We've found that after a couple of hours of paddling we're all ready for a rest stop and stretch and we will land at one of our favourite beaches. We'll have along with us a picnic lunch to satisfy the kind of appetite that fresh air and exercise demands. While lunch is being laid out you will have time to explore the surrounding area.
Although Johnstone Strait is the best place in the world to observe Orca whales in their natural environment, it is not limited to these marine mammals. Often Dall's porpoise, the world’s fastest small cetacean, jet-propel by, in the pursuit of herring or small salmon. More frequently each season, Pacific White Sided dolphins, Humpback whales, and Minke whales make appearances in Johnstone Strait.
This area is also of particular interest to birders as a high population of nesting Bald Eagles is present during the summer months. In addition, numerous sea birds including Northern Phalaropes, Auks, an assortment of Shorebirds, and migratory birds, find food and shelter along this section of the Inside Passage.
At times, it seems the Killer whales are as curious about us as we are about them. Most times they ignore us, though with their multi dimensional view of their environment you can be sure they know exactly where we are. They go about their business of being whales while we sit together quietly on the water and simply enjoy the thrill of being in their presence. We may submerge our hydrophone to listen in on their underwater communications, their distinctive squeaks and whistles as they call back and forth in complex dialects, or the rapid clicks as they echolocate.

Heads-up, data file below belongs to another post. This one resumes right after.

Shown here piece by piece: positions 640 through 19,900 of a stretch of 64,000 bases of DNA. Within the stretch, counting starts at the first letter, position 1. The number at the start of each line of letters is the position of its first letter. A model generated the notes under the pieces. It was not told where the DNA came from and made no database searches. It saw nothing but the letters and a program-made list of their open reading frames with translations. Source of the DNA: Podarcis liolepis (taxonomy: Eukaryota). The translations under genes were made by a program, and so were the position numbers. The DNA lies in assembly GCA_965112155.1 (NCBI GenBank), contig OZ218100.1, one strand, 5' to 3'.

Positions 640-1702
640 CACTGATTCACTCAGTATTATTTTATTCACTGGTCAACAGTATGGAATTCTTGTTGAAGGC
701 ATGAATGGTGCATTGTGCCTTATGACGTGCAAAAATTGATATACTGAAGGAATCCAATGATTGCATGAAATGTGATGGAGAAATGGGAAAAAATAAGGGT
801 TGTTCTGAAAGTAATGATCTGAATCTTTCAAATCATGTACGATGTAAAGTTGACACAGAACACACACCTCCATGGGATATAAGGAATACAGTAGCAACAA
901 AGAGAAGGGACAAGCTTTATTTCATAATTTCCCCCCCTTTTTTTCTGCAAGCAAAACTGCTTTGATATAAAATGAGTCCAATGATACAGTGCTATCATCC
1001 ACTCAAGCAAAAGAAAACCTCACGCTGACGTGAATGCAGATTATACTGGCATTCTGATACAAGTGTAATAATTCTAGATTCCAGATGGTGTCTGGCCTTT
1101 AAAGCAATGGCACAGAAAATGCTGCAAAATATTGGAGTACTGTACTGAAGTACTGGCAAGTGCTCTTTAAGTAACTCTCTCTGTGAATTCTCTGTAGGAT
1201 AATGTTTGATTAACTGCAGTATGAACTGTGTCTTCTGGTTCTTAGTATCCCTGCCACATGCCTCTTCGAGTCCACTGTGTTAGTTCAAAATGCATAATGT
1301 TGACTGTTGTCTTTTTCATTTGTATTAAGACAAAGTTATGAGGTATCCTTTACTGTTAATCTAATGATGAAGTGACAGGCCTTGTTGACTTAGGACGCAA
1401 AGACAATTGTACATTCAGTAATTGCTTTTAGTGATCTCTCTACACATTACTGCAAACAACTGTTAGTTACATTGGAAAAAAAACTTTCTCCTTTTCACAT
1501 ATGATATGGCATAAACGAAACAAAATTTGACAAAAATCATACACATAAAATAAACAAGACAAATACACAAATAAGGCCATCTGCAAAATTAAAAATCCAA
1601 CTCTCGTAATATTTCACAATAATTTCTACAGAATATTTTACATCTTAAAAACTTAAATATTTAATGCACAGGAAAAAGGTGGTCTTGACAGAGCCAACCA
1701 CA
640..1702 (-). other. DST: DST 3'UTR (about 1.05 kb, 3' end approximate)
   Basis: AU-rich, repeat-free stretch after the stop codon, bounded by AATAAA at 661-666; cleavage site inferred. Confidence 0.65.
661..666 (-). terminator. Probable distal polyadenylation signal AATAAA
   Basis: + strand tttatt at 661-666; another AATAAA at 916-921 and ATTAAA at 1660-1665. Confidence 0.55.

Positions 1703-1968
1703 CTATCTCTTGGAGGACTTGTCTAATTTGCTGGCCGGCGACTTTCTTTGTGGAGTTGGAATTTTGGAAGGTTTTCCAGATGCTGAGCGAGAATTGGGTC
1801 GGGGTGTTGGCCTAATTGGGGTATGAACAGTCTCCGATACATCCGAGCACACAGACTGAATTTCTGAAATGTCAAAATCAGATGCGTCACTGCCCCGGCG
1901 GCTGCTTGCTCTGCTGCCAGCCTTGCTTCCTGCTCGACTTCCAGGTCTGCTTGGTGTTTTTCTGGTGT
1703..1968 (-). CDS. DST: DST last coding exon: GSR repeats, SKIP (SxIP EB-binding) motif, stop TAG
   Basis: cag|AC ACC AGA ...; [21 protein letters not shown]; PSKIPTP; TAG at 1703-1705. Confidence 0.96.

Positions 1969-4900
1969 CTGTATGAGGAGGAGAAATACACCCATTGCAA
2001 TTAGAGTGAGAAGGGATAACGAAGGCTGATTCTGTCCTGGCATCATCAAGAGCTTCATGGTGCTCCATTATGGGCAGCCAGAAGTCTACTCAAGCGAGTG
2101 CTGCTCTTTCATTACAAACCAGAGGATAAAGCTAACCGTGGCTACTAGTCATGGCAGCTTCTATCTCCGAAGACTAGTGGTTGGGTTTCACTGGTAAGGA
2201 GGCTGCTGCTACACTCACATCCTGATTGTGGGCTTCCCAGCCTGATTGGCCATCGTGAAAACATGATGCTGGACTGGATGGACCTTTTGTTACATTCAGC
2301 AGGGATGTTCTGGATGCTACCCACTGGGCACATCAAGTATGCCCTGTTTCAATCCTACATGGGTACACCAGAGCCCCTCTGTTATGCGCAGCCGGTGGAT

The Northern Resident Orca as well as most of the Transients Killer Whales have all been photographed and named, and it can be a fun challenge to identify the individuals, using our identification manuals. Ask your guides about the Wild Killer Whale Adoption Program. You may go home with a family that is a LOT bigger.
Late in the afternoon we will return to camp for a fireside dinner, which includes (we hope) some freshly caught salmon. Hopefully a big one. Hopefully a sockeye, (fishing = hoping). Evenings are often spent together conversing, playing games, or telling stories. One of the greatest pleasures of the multi day trips has to be the companionship and fun that every group develops.